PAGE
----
I ride a giant and it has a proprietary seatpost ,no setback but it does have a slack seat tube angle.
 

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Discussion Starter · #14 ·
Thanks for the calculation, was just looking for a guideline and the 1+ cm per degree is close enough for me.
 

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FatTireFred said:
got any data supporting that?
Not really, but you know that already:). The only data that supports my claim is the wide diversity of human shapes, sizes, levels of fitness, flexibility, etc. that want to put themselves on road bikes. Anytime you take two people of the same height or leg-length or whatever but different as snowflakes and press them into the same fit mold, you lose the ability to customize for things like the OP and his unusual femurs. How does KOPS account for that? I don't think it's much of a leap from there to the suggestion that blind obedience to KOPS or any other fit dogma is a recipe for repetitive stress injuries.

Of course these aren't my ideas: I learned them from reading Sheldon Brown and Leonard Zinn and Peter White and some other people. They do, however, match my experience and that of many others, so that's why I post stuff like I did when someone sounds like they're building their fit too tightly around a single element in a horribly complicated process.
 

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Ibashii said:
I don't think it's much of a leap from there to the suggestion that blind obedience to KOPS or any other fit dogma is a recipe for repetitive stress injuries.


I do... otherwise kops wouldn't be used much and would be thoroughly disproven and shown to cause such injuries, right? rather, it's a start and you gotta start somewhere... tweaks come later, as with all fittings
 

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FatTireFred said:
I do... otherwise kops wouldn't be used much and would be thoroughly disproven and shown to cause such injuries, right? rather, it's a start and you gotta start somewhere... tweaks come later, as with all fittings
Hey, it's impolite to quote only the second half of a syllogistic argument:).

In any case, if you're willing to admit that tweaks can and often do come later, then you're not really being dogmatic about KOPS and we don't have anything to argue about. Nothing wrong with using KOPS or any other generic fitting rule of thumb to start with; I was just pointing out that locking your seat fore/aft position at KOPS or sizing a frame based on potential KOPS without taking other factors into account isn't a very good idea, and in the OPs second post it sounded like s/he was moving in that direction.
 

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Ibashii said:
Hey, it's impolite to quote only the second half of a syllogistic argument:).

In any case, if you're willing to admit that tweaks can and often do come later, then you're not really being dogmatic about KOPS and we don't have anything to argue about. Nothing wrong with using KOPS or any other generic fitting rule of thumb to start with; I was just pointing out that locking your seat fore/aft position at KOPS or sizing a frame based on potential KOPS without taking other factors into account isn't a very good idea, and in the OPs second post it sounded like s/he was moving in that direction.


but then again how many people tweak? not all, certainly (unless something is hurting). yet how many repetitive stress injuries do you hear about, either on down the road or immediately? it may happen, but is kops a sure-fire recipe? doubt it... (again) otherwise there would be all these horror stories and kops would be disproven.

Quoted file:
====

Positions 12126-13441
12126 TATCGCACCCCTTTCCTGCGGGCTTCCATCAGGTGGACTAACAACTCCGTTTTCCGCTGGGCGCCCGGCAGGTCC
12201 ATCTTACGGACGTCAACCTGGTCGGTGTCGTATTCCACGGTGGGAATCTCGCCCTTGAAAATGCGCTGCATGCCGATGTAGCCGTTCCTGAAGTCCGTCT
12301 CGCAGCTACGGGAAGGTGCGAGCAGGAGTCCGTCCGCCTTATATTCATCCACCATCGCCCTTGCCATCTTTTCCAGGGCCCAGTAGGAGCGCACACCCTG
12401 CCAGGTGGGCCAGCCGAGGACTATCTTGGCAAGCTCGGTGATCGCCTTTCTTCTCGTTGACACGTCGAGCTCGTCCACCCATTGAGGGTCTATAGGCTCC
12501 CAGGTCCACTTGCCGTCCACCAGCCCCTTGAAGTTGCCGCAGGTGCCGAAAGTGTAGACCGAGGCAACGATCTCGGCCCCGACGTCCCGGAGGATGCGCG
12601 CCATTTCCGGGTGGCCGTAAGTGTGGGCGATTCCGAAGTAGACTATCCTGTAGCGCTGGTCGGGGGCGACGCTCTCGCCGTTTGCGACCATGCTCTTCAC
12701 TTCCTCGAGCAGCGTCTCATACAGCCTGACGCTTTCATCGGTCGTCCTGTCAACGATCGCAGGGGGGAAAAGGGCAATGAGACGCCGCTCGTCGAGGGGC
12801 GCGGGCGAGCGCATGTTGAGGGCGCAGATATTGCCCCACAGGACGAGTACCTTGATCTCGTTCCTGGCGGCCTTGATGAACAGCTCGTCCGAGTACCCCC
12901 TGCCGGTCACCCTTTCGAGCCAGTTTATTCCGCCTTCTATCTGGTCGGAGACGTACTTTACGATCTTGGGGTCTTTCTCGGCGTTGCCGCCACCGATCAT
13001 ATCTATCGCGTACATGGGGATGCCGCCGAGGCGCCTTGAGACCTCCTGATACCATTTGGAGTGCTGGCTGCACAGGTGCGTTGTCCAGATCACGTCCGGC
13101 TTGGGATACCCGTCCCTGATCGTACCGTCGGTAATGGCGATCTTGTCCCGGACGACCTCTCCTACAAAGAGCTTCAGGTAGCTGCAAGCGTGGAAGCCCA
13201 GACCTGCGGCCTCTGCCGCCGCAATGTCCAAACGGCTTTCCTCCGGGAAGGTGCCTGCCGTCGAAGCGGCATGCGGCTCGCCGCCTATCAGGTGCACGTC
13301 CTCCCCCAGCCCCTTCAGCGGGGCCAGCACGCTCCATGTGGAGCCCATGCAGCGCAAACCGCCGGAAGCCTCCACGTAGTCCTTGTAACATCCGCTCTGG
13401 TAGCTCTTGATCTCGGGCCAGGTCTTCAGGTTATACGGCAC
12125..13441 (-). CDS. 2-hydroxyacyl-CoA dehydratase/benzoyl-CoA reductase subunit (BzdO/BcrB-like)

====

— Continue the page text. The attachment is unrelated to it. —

people size frames based on kops???
 

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Ibashii said:
Hey, it's impolite to quote only the second half of a syllogistic argument:).

In any case, if you're willing to admit that tweaks can and often do come later, then you're not really being dogmatic about KOPS and we don't have anything to argue about. Nothing wrong with using KOPS or any other generic fitting rule of thumb to start with; I was just pointing out that locking your seat fore/aft position at KOPS or sizing a frame based on potential KOPS without taking other factors into account isn't a very good idea, and in the OPs second post it sounded like s/he was moving in that direction.
It sounds as if you're over-analyzing the whole issue. With so many fit "rules" out there, it's confusing. It's best to advise to go to a quality, experienced fitter when getting a bike. But, some people would rather do this on their own.
What is advisable to the OP's questions: Don't judge these measurements by looking or measuring, but GO AND RIDE THE BIKE FIRST!!! See if it feels good! That's all the technical speak you need.:thumbsup:
 

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FatTireFred said:
but then again how many people tweak? not all, certainly (unless something is hurting). yet how many repetitive stress injuries do you hear about, either on down the road or immediately? it may happen, but is kops a sure-fire recipe? doubt it... (again) otherwise there would be all these horror stories and kops would be disproven.

people size frames based on kops???
First, I never said KOPS itself was going to hurt anyone: I said that sticking to it as an absolute measure of bike fit not to be violated no matter what strange biomechanical shyte one might have going on--short femurs in this case--is a good way to run into repetitive-stress trouble.

Second, in his second post the OP wrote "At this point just trying to decide what bike will work with getting my knee over the axle," so yeah, apparently some people do think about KOPS when they're looking at frame size.


Peanya said:
It sounds as if you're over-analyzing the whole issue. With so many fit "rules" out there, it's confusing. It's best to advise to go to a quality, experienced fitter when getting a bike. But, some people would rather do this on their own.
What is advisable to the OP's questions: Don't judge these measurements by looking or measuring, but GO AND RIDE THE BIKE FIRST!!! See if it feels good! That's all the technical speak you need.:thumbsup:
Hells yeah:). I only got into the over-analyzing as a response to my critique of KOPS as a valid-in-all-cases fit rule; I agree with every word you wrote, except maybe I want to point out that "quality, experienced fitter" is far from a well-defined quantity...but there are already plenty of threads on that subject.